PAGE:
ter of Slater Street, where he resided till about 
1806-7, when he removed to Rodney Street. 

The fourth son of Arthur (I) was John 
Pemberton Heywood, a barrister, who resided 
at Wakcficld. Two of his sons, Richard (11) 
and John Pemberton (II), became members of 
the banking firm. 

The second son of Arthur (I) was Benjamin 
(III), who resided at Stanley Hall, Wakcficld. 
He had married Elizabeth, the widow of William 
Serjeantson. Their eldest daughter, Elizabeth, 
married on 24th March 1806, at St. Thomas's 
Church, Liverpool, Hugh Jones. 

Hugh Jones was the youngest son of Thomas 
Jones (1740-99) of The Court, Wrexham, son 
of John Jones, who had married Maria Mar- 
garetta, daughter and co-heir of Sir Thomas 
Longueville, Bart. Thomas Jones was formerly 
Lieutenant in the iO4th foot, and subsequently 

> Hit widow, Mary, died nth December ilji. In her 
year, at her HOUM in St. Michael'*, Tottnh Park. 


Captain of Militia, both of Denbighshire and 
Merionethshire. He had married, first, Jane 
Jones; secondly, Ann Lloyd, and Hugh Jones 
was an offspring of the second marriage. The 
latter was born 2Oth September 1777. His 
eldest brother, Thomas Longueville Jones, took 
by Royal Licence the name of Longueville in 
lieu of that of Jones, and was the progenitor 
of the family of Longuevilles of Oswestry. On 
his marriage, Hugh Jones became a partner in 
Heywoods' Bank, and took up his residence at 
8 Great George Square, but by 1813 he had 
taken a house, No. 61, in the chosen retreat 
of the affluent and dignified, Rodney Street. 

On 24th September 1822 died at his seat, 
Stanley Hall, Wakefield, Benjamin Hey wood, 
aged 70. He was succeeded at Stanley Hall 
by his son Arthur (III), who married, ist 
June 1825, Mary Duroure. He died s.p. in 

On 1 6th December 1833 died in his thirty- 
second year another member of the firm, Richard 
(II), son of John Pemberton Heywood of Wake- 

The year 1835 marks the transference of the 
entire Corporation accounts to Heywoods' Bank, 
thus adding further prestige to the firm. Fuller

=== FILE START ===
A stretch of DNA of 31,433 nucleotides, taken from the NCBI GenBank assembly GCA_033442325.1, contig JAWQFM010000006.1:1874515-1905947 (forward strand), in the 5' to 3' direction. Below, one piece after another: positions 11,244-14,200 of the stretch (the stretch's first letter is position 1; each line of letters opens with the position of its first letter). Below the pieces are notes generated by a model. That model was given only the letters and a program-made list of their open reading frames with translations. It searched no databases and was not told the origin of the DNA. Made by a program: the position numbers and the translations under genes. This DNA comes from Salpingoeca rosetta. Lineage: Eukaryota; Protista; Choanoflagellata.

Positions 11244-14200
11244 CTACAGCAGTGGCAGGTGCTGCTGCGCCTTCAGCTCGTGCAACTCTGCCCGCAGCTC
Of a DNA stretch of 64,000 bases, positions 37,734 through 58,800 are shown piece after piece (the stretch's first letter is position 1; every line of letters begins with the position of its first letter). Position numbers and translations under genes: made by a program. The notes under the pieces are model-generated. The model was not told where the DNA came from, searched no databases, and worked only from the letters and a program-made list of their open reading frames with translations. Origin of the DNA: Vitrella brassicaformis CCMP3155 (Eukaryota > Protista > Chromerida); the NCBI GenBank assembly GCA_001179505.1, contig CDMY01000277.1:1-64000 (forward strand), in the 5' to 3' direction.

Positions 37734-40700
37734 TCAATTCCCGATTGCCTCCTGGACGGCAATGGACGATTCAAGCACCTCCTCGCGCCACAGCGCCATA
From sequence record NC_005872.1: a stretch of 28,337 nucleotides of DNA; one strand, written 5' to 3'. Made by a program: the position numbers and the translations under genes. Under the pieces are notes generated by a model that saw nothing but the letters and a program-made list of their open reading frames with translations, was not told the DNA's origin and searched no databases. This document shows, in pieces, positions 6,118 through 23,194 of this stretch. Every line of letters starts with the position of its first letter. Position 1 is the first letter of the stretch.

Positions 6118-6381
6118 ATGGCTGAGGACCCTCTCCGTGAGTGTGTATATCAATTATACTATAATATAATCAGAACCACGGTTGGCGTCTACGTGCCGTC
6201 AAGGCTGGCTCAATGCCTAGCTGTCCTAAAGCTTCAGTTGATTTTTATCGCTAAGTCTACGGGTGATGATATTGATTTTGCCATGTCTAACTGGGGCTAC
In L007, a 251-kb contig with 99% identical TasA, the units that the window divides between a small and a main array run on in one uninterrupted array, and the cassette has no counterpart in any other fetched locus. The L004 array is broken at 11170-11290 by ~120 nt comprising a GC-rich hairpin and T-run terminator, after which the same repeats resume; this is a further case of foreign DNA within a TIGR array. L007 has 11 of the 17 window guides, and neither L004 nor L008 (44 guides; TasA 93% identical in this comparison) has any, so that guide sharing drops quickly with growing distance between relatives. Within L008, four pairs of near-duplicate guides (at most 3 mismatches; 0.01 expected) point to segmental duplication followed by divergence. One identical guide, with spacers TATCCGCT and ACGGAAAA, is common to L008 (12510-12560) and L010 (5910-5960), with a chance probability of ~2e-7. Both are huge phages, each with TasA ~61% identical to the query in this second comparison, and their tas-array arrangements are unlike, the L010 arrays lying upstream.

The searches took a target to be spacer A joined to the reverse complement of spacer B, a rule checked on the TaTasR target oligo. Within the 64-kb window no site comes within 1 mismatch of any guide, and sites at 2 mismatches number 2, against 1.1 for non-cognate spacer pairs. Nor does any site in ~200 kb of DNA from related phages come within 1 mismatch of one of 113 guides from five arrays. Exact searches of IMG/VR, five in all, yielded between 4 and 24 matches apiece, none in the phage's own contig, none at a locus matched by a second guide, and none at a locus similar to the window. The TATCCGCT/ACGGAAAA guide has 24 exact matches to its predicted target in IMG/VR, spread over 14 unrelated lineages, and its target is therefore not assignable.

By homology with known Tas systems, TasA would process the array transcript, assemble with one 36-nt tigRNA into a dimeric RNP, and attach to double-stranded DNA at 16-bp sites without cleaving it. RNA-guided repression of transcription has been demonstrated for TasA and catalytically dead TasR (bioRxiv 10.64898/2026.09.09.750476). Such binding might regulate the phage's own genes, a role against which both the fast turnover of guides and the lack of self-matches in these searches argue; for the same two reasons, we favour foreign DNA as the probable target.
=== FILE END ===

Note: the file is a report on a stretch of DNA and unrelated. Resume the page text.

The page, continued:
note of the matter is given under Leyland and 
Bullins. The following year saw many events 



which had influence on the proprietorship of the 

On the 9th January, at his house in Aber- 
cromby Square, died Samuel Thompson, 1 in his 
sixty-ninth year. He was succeeded in the 
bank by his son, Samuel Henry Thompson, who 
married, 24th January 1837, Elizabeth, eldest 
daughter of Joseph Brooks Yates of West Dingle. 

On 28th January 1836, at St. George's Church, 
Liverpool, was married Robertson Gladstone, 
second son of John Gladstone* of Liverpool, 
and Fasque, Kincardineshire, to Mary Ellen, 
third daughter of Hugh Jones, a partner in 
Hcywoods*. In the fulness of time their son, 
Robertson Gladstone, obtained a partnership in 
the bank. 

1 In addition to hii partnership in the bank, Samuel Thompson 
had a tubiidiary business at insurance broker, jointly with William 
Thompson, junior, Jame* Thompson, junior, and John Gunning. 
This partnership was, however, dissolved ji*t December lSt4, and 
Samuel Thompson in 18x5 opemd an insurance office on his own 
account at to Exchange Alley. On 1st November iSt6 he was elected 
a member of the Corporation, and became Bailiff for llaS. His eldest 
daughter was married at St. Michael's Churrh, Liverpool, on 6th 
August 18x9 to Owen Wynne of Sligo, eldest son of William Wynne, 
Esq., of Dublin ; and hit second son, Arthur, was married at the 
Parish Church, Prendergast, on loth September 18)6, to France* 
Catherine, eldest daughter of James Bcllairs, E*q., of The Moaat, 

* It is worthy of note that in Billinge's Lrnrfml A+ntu<T for 1800 
appears a single-line entry, " 29th April, John Gladstone, E*q., to 
Miss Robertson." Two of the sons of that marrUg* were the above 
Robertson Gladstone, and William Ewart Gladstone, of world-wide 


On 2 ist April was married at St. George's 
Church, Liverpool, John Pemberton Hey wood, 
third son of the late John Pemberton Heywood 
of Wakefield, to Anna Maria, second daughter 
of the above Hugh Jones. This marriage be- 
tween close relatives certainly consolidated the 
several interests in the bank. 

On 1 3th September of the same year died 
Arthur Heywood (II), in the eighty-third year of 
his age. 1 

On nth October was married at Ambleside 
Richard Heywood, eldest son of Hugh Jones, to 
Margaret, only daughter of John Harrison, Esq., 
of Ambleside. He appears to have been given a 
partnership in the bank a little earlier than this. 

Taking leave of the bank in 1837, we find the 
existing partners are Hugh Jones, his son Richard 
Heywood Jones, John Pemberton Heywood, and 
Samuel Henry Thompson. 

After the death of Arthur Heywood, Hugh 
Jones succeeded him in the occupancy of Lark 
Hill, West Derby, where Arthur Heywood Jones 

1 There is no mention of his marriage in any official account, but in 
"The Creevey Papers," under date 23rd November 1833, Thomas 
Creevey writes that Arthur Heywood had married what is known in 
current slang as " a woman of no importance." He mentions a kind- 
ness done by Arthur Heywood to a son of the Earl of Sefton, who 
had committed a similar imprudence, and adds, as to Arthur Hey- 
wood's wife, "As she was a remarkably good kind of woman, he may 
think that Berkeley's tit may be the same " (vol. ii. p. z8, edition 



still resides. He died, lyth June 1842, at Con- 
naught Place West, Hyde Park, in his sixty-sixth 
year. 1 

John Pemberton Heywood resided at the bank 
house in Fcnwick Street, but a little later than 
this period had his country residence at Norris 
Green, West Derby. He died s.p. in 1877. 

Samuel Henry Thompson 3 resided with hi*